Network security experts on Tuesday disclosed they uncovered a potentially damaging security gap in the publicly accessible cloud computing platform of accounting and wealth management firm Moss Adams.
In April, a security team at VPNOverview initially found what it deemed “an improperly stored virtual machine image [belonging] to Moss Adams ... which was stored in a publicly accessible Amazon Web Services S3 bucket, [and] did not require a password,” according to a blog post on the website of the Dutch company that researches and reviews virtual private network security issues worldwide. Moss Adams LLP is one of the country’s largest and most prestigious public accounting and wealth management firms, employing nearly 4,000 financial professionals.
“We disclosed the breach on April 15, and Moss Adams secured their cloud network shortly afterward,” according to the security researcher’s post, authored by Mirza Silajdzic, cybersecurity researcher at VPNOverview. He added that his security team was able to enter Moss Adams’s corporate cloud “using an RSA key from the virtual machine’s [VM] filesystem. The key allowed us to log in to a workstation and access sensitive information.”
No customer data was exposed during the course of the investigation.
Aaron Phillips, the cybersecurity expert at VPNOverview who led the research on the breach, pointed out that by sharing “an RSA key that gave us workstation access to their private cloud ... we were able to interact with systems that are typically not accessible.
“The workstation belongs to their internal cybersecurity team, and it contained sensitive information that would have been useful to hackers,” Phillips said in an interview. “Moss Adams was quick to close the breach [since] there was significant risk to their systems.”
The wealth management firm responded by closing the gap and securing their cloud in less than a week, according to Phillips.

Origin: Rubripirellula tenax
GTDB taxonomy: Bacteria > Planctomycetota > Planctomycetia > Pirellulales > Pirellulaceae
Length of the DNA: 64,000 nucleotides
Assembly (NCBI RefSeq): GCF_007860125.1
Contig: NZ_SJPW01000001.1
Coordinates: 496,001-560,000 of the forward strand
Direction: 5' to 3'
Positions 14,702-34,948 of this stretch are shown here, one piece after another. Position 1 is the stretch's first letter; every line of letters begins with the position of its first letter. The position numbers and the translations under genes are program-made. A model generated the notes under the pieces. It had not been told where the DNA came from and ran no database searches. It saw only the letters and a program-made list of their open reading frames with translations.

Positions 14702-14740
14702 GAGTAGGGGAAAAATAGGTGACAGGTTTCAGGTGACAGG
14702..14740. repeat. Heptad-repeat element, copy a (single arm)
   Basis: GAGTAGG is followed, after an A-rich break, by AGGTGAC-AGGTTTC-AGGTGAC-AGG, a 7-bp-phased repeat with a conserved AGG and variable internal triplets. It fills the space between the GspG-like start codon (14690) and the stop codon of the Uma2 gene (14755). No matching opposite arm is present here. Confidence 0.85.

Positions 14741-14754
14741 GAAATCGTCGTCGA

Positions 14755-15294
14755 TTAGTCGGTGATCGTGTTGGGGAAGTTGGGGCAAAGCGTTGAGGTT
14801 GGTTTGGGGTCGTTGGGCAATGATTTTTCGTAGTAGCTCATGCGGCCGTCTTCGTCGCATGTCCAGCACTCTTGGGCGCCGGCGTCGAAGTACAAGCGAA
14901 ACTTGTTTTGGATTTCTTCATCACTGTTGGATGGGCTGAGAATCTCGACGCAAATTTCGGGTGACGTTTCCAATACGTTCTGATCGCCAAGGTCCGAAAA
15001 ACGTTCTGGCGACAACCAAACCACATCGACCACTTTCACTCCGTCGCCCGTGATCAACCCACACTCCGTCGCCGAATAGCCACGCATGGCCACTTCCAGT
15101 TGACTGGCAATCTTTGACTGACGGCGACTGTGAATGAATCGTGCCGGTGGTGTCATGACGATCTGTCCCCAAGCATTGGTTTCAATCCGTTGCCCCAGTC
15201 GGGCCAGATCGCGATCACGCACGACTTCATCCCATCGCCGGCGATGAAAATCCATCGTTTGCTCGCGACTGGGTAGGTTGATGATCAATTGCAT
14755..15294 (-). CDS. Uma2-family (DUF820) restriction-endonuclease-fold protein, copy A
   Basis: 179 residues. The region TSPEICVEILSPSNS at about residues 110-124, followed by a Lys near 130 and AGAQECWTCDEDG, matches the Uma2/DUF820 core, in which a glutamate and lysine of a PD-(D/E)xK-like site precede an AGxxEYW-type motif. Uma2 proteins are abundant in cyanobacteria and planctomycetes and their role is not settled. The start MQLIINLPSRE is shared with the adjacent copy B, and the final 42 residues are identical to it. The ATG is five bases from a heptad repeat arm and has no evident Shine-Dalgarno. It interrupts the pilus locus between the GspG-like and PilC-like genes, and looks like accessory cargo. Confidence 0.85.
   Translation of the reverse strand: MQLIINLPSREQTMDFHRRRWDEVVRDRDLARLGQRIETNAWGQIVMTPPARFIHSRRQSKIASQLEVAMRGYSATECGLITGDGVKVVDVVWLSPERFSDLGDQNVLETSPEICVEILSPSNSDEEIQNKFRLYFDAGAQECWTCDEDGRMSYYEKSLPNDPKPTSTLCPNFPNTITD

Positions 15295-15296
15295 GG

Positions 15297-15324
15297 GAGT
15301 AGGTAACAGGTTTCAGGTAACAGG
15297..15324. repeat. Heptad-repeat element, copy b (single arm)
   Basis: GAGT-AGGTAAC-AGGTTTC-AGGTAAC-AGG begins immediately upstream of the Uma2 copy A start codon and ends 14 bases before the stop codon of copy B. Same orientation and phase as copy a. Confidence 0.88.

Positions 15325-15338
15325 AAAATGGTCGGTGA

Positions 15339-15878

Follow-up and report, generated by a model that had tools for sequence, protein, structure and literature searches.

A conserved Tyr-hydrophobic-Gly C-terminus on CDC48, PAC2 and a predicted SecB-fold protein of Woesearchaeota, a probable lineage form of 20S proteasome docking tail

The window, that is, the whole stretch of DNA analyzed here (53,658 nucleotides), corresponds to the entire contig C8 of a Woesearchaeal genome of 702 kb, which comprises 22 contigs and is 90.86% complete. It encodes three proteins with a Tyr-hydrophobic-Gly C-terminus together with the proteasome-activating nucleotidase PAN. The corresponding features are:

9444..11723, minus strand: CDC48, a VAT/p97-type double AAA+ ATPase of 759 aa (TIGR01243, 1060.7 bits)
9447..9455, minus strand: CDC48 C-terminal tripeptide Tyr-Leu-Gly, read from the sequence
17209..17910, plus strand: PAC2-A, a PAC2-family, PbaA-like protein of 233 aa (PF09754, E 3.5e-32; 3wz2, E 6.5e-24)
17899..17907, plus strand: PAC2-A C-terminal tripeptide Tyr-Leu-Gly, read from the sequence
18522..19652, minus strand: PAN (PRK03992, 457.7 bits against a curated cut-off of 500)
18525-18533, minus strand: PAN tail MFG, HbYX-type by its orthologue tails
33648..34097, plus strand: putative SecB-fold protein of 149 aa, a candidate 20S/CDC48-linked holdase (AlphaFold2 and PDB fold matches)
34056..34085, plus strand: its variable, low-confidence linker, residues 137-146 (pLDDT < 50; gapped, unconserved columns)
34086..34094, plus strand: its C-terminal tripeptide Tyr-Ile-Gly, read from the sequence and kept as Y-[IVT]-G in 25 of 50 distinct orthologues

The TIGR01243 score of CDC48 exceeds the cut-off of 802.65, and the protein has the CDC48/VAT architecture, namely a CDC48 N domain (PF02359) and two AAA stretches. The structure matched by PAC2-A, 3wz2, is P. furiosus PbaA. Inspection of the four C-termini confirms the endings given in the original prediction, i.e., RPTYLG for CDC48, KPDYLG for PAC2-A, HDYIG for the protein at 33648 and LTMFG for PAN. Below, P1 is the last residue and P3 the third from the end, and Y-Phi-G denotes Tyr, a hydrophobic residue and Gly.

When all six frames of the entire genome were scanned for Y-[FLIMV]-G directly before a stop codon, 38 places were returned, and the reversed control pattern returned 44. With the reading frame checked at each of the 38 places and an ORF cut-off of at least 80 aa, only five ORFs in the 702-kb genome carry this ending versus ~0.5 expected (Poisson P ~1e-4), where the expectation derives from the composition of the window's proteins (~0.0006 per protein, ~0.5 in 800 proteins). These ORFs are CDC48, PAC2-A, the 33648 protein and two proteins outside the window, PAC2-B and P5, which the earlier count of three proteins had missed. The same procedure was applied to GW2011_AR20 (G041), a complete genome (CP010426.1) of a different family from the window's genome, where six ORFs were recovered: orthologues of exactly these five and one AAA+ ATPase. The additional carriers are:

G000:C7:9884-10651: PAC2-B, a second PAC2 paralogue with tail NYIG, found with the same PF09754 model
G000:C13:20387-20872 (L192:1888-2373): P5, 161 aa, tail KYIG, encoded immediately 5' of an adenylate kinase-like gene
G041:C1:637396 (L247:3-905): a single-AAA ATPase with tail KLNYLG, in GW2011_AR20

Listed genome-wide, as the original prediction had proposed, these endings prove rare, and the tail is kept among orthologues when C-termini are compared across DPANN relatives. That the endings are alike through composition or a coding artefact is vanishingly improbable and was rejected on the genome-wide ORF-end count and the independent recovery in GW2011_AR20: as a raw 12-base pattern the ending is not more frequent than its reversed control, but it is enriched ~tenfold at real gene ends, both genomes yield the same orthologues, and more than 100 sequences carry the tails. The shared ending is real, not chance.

During its penetration test, the security researchers “downloaded a VM image and mounted the file system, bypassing the passwords associated with the machine. From there, we were able to explore the filesystem of the VM image,” according to Silajdzic’s post.
The VPNOverview team discovered an RSA key and a Linux service file containing a connection string, which they used to connect to a cloud workstation using Secure Shell (SSH), and thus accessed a Moss Adams cybersecurity team workstation. No Moss Adams customer data resided on the workstation, or was accessed, VPNOverview said.
Less than three years ago, Moss Adams gave notice that it suffered a breach to an employee email account in October 2019, which compromised personal identifiable information (PII). At the time, the stolen customer data included an undisclosed number of employee and customer names and Social Security numbers.
While seemingly nipped in the bud, the most recent incident shows the type of potential loophole that cybercriminals are increasingly seeking out and preying upon as they expand their target vectors to more upscale financial institutions, like wealth management firms.
Case in point: Morgan Stanley Wealth Management faced a series of social engineering and voice-based phishing attacks earlier this year. While accessing the networks of these high-end, white-shoe financial providers may be considered more difficult, the customer and even employee data is often considered more valuable to cybercriminals, since these firms tend to handle clients with larger balances and more valuable assets in general.
Financial institutions must be particularly aware not to leave VM images openly accessible in their cloud networks, since they often can lead to more sensitive information.
“In this case, that’s exactly what we found,” Phillips said in VPNOverview’s blog post. According to security researchers, if Moss Adams “had not accidentally shared the connection string to the machine in a service file,” accessing the firm’s internal workstation would not have been possible. Hence, this reported security glitch serves as a reminder that even large and prominent financial institutions must be vigilant when it comes to securing all possible networks, on the cloud as well as internally.
“Moss Adams is a top 15 leading accounting and consulting firm,” Silajdzic said in an interview. “The data they hold is of important value. As such, you have to think about plugging all the holes so the boat doesn’t capsize, so to speak. One slip-up and you could have yourself a nightmare situation.”